Businesses are beginning to make use of OpenID in cloud applications to leverage the benefit it offers in terms of efficiency. It provides the same advantage as SAML in its ability to streamline workflows involving multiple applications and helps to maintain the integrity of individual user identities within complex systems.


Large customer-facing platforms like Facebook, Google and Twitter rely on OAuth to connect third-party applications with the permission of users. OAuth works by allowing approved applications to use login credentials from one service or platform to provide access to additional applications without requiring separate logins. Authorization may be granted or revoked by the user at any time.

When credentials are sent using this protocol, OAuth works to authenticate the identity of the initial user and authorize connections between applications. This type of authorization is known as “secure, third-party, user-agent, delegated” authorization and doesn’t require the initial credentials to be transferred between applications in order for a user to gain access.

OAuth is similar to OpenID in its applications and has some of the same functionality as SAML. Because it grants access without creating another point at which access credentials can be compromised, OAuth can benefit organizations using or building applications for which such extended access is required.


This free open protocol was developed at the Massachusetts Institute of Technology (MIT) and uses a system of tickets and authenticators to verify user identities. Kerberos isn’t in wide usage except by Microsoft Windows applications, in which is aids in the automatic sign-in process for Microsoft products and resources.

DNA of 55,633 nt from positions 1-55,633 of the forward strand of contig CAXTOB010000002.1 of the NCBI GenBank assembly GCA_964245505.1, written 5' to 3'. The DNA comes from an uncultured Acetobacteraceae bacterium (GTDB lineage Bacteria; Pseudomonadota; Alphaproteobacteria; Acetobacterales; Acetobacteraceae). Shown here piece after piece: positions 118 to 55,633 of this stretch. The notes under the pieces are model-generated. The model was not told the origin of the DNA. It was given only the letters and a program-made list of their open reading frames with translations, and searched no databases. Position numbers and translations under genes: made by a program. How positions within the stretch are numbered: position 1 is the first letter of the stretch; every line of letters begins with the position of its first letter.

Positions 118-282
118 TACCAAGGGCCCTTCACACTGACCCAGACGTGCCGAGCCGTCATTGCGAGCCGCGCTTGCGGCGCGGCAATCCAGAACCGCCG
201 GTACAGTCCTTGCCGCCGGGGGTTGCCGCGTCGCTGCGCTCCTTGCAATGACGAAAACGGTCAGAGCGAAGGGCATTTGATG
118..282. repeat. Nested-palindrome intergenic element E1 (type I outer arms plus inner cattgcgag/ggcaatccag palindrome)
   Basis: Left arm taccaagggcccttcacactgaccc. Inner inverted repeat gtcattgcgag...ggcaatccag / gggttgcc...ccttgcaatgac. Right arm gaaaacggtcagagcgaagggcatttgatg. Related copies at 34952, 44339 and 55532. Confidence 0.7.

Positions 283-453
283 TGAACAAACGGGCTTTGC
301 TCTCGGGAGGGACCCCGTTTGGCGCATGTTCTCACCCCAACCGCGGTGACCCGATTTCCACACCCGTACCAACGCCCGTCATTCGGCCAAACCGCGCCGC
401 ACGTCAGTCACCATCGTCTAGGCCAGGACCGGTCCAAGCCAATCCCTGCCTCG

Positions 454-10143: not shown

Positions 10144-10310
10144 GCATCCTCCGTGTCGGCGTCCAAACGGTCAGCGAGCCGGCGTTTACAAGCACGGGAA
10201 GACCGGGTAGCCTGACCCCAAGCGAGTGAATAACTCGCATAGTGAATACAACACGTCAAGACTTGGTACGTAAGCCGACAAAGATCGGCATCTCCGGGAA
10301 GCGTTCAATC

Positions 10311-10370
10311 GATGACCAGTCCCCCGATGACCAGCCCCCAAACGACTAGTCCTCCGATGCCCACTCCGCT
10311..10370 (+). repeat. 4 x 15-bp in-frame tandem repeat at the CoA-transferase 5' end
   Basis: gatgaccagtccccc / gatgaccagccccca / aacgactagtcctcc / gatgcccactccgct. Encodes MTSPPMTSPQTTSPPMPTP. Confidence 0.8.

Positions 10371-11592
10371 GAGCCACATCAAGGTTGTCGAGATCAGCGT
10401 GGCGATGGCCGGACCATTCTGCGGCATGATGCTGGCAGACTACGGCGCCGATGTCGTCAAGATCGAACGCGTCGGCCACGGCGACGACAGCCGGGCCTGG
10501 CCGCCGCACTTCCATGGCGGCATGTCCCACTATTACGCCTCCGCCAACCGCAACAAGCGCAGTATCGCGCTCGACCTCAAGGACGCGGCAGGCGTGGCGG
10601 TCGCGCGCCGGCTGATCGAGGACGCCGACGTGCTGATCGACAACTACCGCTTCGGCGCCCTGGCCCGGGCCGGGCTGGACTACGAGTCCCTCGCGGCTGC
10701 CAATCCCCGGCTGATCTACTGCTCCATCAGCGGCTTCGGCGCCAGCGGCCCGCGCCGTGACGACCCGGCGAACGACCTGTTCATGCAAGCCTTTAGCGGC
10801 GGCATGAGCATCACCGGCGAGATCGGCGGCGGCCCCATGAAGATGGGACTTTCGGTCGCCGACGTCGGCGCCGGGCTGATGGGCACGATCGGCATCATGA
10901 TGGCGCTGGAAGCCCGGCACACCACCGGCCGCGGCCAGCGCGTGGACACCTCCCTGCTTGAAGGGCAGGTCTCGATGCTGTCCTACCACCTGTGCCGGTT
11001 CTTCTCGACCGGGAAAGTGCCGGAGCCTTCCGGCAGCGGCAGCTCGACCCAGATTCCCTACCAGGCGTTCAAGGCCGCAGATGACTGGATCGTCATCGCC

In systems using Kerberos, a “Kerberos realm” is created to encapsulate all the resources to which a user may request access. This realm also houses the Key Distribution Center (KDC), in which resides the authentication server (AS) and the ticket granting server (TGS). When authentication credentials are provided using the SSO method, it triggers a series of actions in which the user’s information is located, encrypted keys are sent back and forth between the user and the server and, if the access credentials are correct, a ticket is granted for the session. In this client-server identification scenario, information is verified back and forth between the user and the system to establish authenticity of credentials and proof of identity.

The benefit of this complex system of servers, keys and tickets is the user’s password doesn’t have to be stored on a local server or sent over the network connection. Instead, the entire process is handled within the Kerberos realm. This makes Kerberos identity management protocols particularly useful for the transfer of information over non-secure networks. Keys and tickets provide security for authorization data, thereby protecting credentials from hackers.


Once used to authenticate users on dialup connections, the Remote Authentication Dial-In User Service (RADIUS) is now employed mostly for network services, such as wireless connections, VPNs and network infrastructure.

RADIUS works by encrypting authentication credentials within a packet and is sometimes used with a LDAP server to increase the level of security and provide a greater degree of access control. RADIUS is best suited for applications requiring general authorization, but due to shortcomings in the protocol, it has largely been replaced by updated AAA standards.

When RADIUS was in common use, it functioned to store user profiles in a central database, allowing remote servers to share the information and organizations to implement improved security measures by housing all user data in one place.


Named as a bit of a play on words, Diameter evolved out of RADIUS and is now replacing the older protocol with a message-based authentication system. Diameter works over TCP and Stream Control Transmission Protocol (SCTP) to exchange positive and negative messages between the user and the system, resulting in access being granted to authorized users and denied those without proper credentials.

Diameter is built on peer-to-peer architecture and functions using three nodes:

  • The client node receives access requests from users
  • The server node is responsible for processing information from access requests
  • The agent node acts as an intermediary between the client and the server